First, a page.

Wouldn’t you love to live a simple life? I sure would. I wish my life — life in general for that matter — was complicated only by mundane decisions that carried only minimal consequences. What should we have for dinner this evening? What should we watch on television?
But life isn’t simple at all. Even “paper or plastic” had ramifications beyond the check-out line.
There was a very tough decision made recently that got me thinking about complexity and consequences in life and also made me grateful that, on the simplicity scale, my life is a 10.
A little girl is dying, and can only be saved by a lung transplant. Sarah Murnaghan is only 10 and has cystic fibrosis. There are three other children at the same hospital in the same condition. Nationwide, there are 31.
Transplant policy is set by the Organ Procurement and Transplantation Network. Without it, there would be a free market in human organs. (There already is in some parts of the world.)
The O.P.T.N. has two waiting lists for donor lungs, one for children and one for adults. It’s not an arbitrary policy. Lung transplants are the most difficult transplants to perform, and adults do better than children. So children who need a transplant have to wait for a “pediatric donor.” They have to wait for another child to die.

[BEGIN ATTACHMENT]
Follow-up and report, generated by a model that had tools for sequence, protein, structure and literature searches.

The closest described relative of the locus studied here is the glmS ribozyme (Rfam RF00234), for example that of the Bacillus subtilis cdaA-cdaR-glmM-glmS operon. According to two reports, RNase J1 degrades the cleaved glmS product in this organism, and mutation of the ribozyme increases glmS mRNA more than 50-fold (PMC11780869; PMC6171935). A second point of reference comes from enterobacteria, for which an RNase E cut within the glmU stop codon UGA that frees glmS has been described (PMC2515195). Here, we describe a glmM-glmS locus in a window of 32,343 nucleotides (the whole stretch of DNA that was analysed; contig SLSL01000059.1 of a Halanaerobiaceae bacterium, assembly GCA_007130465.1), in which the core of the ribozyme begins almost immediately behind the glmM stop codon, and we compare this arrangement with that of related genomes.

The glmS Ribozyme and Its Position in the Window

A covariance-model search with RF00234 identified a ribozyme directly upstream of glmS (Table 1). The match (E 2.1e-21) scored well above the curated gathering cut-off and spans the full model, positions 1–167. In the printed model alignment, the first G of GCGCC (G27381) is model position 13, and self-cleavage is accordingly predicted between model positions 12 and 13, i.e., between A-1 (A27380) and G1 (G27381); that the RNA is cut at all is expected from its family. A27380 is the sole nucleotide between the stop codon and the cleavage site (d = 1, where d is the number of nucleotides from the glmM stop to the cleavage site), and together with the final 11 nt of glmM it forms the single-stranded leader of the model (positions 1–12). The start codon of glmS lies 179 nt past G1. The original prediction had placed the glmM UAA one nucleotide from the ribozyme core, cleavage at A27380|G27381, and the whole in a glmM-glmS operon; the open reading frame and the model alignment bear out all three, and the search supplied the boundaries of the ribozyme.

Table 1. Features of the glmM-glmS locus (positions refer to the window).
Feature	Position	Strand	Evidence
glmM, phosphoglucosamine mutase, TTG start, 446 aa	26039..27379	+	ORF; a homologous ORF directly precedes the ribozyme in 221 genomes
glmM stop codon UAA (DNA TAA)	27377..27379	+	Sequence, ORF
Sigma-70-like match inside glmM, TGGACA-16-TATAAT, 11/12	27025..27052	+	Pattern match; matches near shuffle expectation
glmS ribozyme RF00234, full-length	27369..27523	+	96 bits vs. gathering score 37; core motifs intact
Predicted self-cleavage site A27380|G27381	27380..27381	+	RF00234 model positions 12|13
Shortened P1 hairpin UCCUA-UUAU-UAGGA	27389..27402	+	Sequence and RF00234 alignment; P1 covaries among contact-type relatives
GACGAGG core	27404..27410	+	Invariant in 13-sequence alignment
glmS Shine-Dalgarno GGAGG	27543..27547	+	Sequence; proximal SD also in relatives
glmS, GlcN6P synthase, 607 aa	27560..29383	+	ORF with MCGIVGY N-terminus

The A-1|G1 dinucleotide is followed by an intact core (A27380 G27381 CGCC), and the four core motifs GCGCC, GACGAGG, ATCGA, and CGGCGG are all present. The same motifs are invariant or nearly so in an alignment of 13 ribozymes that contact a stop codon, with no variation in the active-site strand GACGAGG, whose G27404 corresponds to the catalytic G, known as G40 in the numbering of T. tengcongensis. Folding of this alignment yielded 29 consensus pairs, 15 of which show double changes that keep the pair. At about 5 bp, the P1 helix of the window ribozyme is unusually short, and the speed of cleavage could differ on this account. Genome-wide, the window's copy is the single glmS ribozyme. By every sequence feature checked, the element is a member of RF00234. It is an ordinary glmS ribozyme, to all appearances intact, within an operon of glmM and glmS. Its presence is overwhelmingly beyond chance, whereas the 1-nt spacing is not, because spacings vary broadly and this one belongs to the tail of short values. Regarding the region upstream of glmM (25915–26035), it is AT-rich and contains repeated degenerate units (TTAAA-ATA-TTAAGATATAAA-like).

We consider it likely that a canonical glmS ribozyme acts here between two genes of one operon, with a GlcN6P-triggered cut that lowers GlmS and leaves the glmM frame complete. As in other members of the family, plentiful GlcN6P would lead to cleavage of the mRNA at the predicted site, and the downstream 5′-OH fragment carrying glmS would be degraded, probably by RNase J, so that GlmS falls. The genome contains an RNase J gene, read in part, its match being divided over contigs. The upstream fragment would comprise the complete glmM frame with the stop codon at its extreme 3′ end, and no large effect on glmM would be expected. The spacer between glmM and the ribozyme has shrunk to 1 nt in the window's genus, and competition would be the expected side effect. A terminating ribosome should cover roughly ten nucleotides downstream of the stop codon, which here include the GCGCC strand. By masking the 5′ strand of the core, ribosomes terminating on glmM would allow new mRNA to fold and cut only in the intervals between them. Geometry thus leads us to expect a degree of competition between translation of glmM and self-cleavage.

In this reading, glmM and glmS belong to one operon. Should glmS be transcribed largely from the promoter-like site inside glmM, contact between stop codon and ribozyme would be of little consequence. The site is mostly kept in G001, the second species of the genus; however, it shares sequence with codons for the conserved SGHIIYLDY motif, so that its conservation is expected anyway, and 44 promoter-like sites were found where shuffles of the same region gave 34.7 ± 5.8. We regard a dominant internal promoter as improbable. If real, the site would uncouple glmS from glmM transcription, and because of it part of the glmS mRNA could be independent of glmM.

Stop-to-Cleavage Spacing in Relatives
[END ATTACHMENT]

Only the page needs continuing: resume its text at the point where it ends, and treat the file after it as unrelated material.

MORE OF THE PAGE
Understandably, Sarah’s parents are doing everything in their power to save their child, even convincing a Congressional committee to hold a hearing. At that hearing, the Health and Human Services Secretary refused to intervene.
So the parents went to federal court, and persuaded the judge to order the O.P.T.N. to put Sarah on both the pediatric and adult waiting lists.
I’m really glad I wasn’t the one to make that decision, but I still think it was a bad one. If you were the parent of one of the other 30 children waiting for donor lungs, wouldn’t you be in court the next day? If there were no nationwide policy for organ donations and transplants, would your child die because you aren’t rich or influential enough, or you live in the wrong state?
Of course, this raises the broader issue of health care in general in our country. It’s too expensive, too arbitrary, and too complicated. Those who can afford it, or have adequate insurance, get the best care in the world. Those who don’t, in some cases, die. Many others end up bankrupt.
I am fortunate to have just two pretty simple decisions to make on health care — which of the three plans my company offers do I enroll in and who do I vote for?
The plan I chose has a high deductible, but protects me from a catastrophic health crisis that would leave me broke. When I vote, if the candidates have a stance on the issue, my vote always goes to the candidate who agrees with me that in the richest, most powerful country in the history of the world, adequate health care is a right, not a privilege.